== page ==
The last version of the standard is called USITT DMX512-A and it is maintained by ESTA since 1998. In 2004 it was made an ANSI standard too, named "E1.11, USITT DMX512-A" or "ANSI E1.11-2004". In 2008 it was revised  .
IF you are looking for info about connecting DMX equipment and setting addresses, look at this video tutorial from Martin. So far, the rest of this article is about technicalities.
DMX is characterized by its simplicity in how data are transferred from a controller to receiving equipment.
DMX is based on the balanced serial connection standard EIA-485-A (a.k.a RS485). Only 5-pin XLR meets the standard (and products may meet the requirement by supplying adapters). Since the revision in 1998 the cables itself are not specified in DMX512-A (so it can be specified in separate standards?) In general the cable must fulfill the EIA-485 requirements of 120 Ohms (around 250 kHz) shielded twisted pair. One transmitter must be connected to maximum 32 receivers.
- Termination resistor tolerance is 120 Ohm +5 % / -10 % (108 – 126 Ohm).
- Each receiver must not load the differential line with more than 125 pF.
Use of category 5 UTP or STP
Other cable types have been examined to determine how well they are for DMX usage (as loose cables or in fixed building installations). The last report more or less concludes that for fixed installations, unshielded twisted pair in CAT 5 is good enough, even when it is mixed with 120 Ohm cable meant for EIA-485. The pulses from reflections and general degradation is not significant and harmless. See the three parts at http://www.esta.org/tsp/working_groups/CP/DMXoverCat5.htm .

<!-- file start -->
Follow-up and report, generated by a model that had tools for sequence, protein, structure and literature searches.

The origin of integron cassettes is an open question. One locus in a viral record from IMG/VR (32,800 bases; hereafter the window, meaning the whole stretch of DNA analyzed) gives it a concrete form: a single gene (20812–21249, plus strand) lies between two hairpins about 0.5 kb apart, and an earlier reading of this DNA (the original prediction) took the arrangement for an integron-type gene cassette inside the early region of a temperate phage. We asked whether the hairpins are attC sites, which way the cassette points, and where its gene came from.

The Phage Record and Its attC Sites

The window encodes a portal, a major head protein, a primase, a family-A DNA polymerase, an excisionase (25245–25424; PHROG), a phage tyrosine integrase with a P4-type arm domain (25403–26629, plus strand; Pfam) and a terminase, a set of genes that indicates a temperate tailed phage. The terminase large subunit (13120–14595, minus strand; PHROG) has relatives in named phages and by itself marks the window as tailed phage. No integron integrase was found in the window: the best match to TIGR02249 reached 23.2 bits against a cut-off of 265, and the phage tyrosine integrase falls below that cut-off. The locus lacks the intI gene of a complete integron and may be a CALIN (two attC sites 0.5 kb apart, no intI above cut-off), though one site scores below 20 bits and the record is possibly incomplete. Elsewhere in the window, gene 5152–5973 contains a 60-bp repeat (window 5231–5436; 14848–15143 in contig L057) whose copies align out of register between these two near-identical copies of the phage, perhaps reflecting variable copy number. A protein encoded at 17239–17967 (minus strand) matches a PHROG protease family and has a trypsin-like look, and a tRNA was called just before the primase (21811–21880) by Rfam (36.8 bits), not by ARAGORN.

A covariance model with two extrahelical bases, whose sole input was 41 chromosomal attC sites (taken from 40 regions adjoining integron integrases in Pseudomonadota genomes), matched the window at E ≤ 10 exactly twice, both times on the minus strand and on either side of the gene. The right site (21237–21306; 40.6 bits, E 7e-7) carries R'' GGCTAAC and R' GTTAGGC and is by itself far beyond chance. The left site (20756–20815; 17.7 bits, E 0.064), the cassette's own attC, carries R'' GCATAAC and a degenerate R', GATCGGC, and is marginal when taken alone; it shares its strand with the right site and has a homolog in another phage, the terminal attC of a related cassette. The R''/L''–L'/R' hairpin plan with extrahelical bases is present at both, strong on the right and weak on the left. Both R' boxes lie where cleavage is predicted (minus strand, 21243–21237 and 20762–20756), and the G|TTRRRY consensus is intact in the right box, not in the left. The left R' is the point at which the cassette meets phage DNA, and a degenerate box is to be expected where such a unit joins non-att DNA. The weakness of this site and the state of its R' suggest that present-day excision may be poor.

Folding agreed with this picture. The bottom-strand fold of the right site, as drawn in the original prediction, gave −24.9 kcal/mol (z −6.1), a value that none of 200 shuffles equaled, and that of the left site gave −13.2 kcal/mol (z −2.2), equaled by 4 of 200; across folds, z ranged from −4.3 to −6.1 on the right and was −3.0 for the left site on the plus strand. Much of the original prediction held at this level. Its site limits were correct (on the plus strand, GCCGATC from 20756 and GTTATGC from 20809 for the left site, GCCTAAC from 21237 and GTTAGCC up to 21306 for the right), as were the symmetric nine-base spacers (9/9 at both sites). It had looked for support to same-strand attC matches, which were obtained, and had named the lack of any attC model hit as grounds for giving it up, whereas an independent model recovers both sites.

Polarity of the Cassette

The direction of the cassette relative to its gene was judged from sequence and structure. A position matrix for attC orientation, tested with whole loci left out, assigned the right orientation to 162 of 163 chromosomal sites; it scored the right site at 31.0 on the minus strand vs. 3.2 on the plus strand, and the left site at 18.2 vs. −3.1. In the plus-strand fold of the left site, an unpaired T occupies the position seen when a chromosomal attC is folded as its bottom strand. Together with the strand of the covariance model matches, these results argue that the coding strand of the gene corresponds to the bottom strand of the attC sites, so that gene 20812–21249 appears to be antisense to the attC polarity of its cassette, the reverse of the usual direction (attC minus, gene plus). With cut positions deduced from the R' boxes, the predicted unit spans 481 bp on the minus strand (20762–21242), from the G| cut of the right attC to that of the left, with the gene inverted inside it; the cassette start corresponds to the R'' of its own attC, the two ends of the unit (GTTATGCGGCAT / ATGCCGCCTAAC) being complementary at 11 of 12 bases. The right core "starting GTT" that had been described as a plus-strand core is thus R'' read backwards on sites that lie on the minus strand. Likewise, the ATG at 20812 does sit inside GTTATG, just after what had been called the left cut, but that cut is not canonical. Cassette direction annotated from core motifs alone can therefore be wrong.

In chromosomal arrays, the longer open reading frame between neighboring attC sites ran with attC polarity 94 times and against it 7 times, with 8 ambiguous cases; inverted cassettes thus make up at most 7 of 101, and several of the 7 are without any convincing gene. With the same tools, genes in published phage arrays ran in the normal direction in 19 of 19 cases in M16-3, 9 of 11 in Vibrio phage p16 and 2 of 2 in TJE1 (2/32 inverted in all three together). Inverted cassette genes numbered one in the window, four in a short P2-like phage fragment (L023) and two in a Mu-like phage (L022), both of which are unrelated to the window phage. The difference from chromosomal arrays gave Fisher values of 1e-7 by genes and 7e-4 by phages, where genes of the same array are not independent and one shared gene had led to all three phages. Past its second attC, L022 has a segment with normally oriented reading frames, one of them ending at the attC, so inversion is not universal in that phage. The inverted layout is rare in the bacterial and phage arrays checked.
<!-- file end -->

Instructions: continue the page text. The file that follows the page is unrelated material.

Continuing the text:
The cabling for DMX512-A should be described in the document called "BSR E1.27-1 -- Portable Control Cables for Use with USITT DMX512/1990 and E1.11 [DMX512-A]"
The 8-position modular connector is allowed in the DMX512-A as an alternate connector if there is not space enough for XLR5 or for fixed installations in "controlled access areas". Pin-out:
|7||Data link common for data 1|
|8||Data link common for data 1|
Both common wires are mandatory, and must have same potential in equipment sockets.
Voltages and power dissipation
The power dissipation in the 120 Ohm terminating resistors depends on the differential voltage between the two data wires. If the transmitter only makes a 5 V differential voltage (which is common), the power dissipation is P= U*U/R= 5*5/120 = 208 mW.
According to  and the DMX512-A standard, the maximum absolute differential voltage allowed by the EIA485 standard is 6 V. This gives the maximum power dissipation is P= U*U/R= 6*6/120 = 300 mW. So it is best to use 1/2 W resistors, to keep them cool enough not to damage itself or weakening the solderings.
Transceiver chips made for 5 V (they seem to be widely used):
Linear Technology LTC485:  National semiconductor LMS485:  National semiconductor DS75176B (used in Martin PAL 1200, Lite-Puter DX-625 and a cheap Eurolite DMX console) 
To avoid ground loops between equipment and improve reception performance, the transmitters and receivers for the DMX line must use a good combination of transmitter/receiver topologies. Some are not allowed, some are accepted with warning labels and some are preferred. See http://www.usitt.org/standards/DMX512_FAQ.html#FAQ_15 .
Transmitters should use "earth ground" as a reference for the positive/negative voltages that is put on the two data lines. Receivers should be "isolated".
A Universe contains 512 addresses and a single DMX line (cable) can only transmit one universe. I.e. a controller with two universes need two DMX lines (daisy chains including splitters). A universe is normally thought of as an address space (in the controller), the cables that transmits it and the equipment that receives it.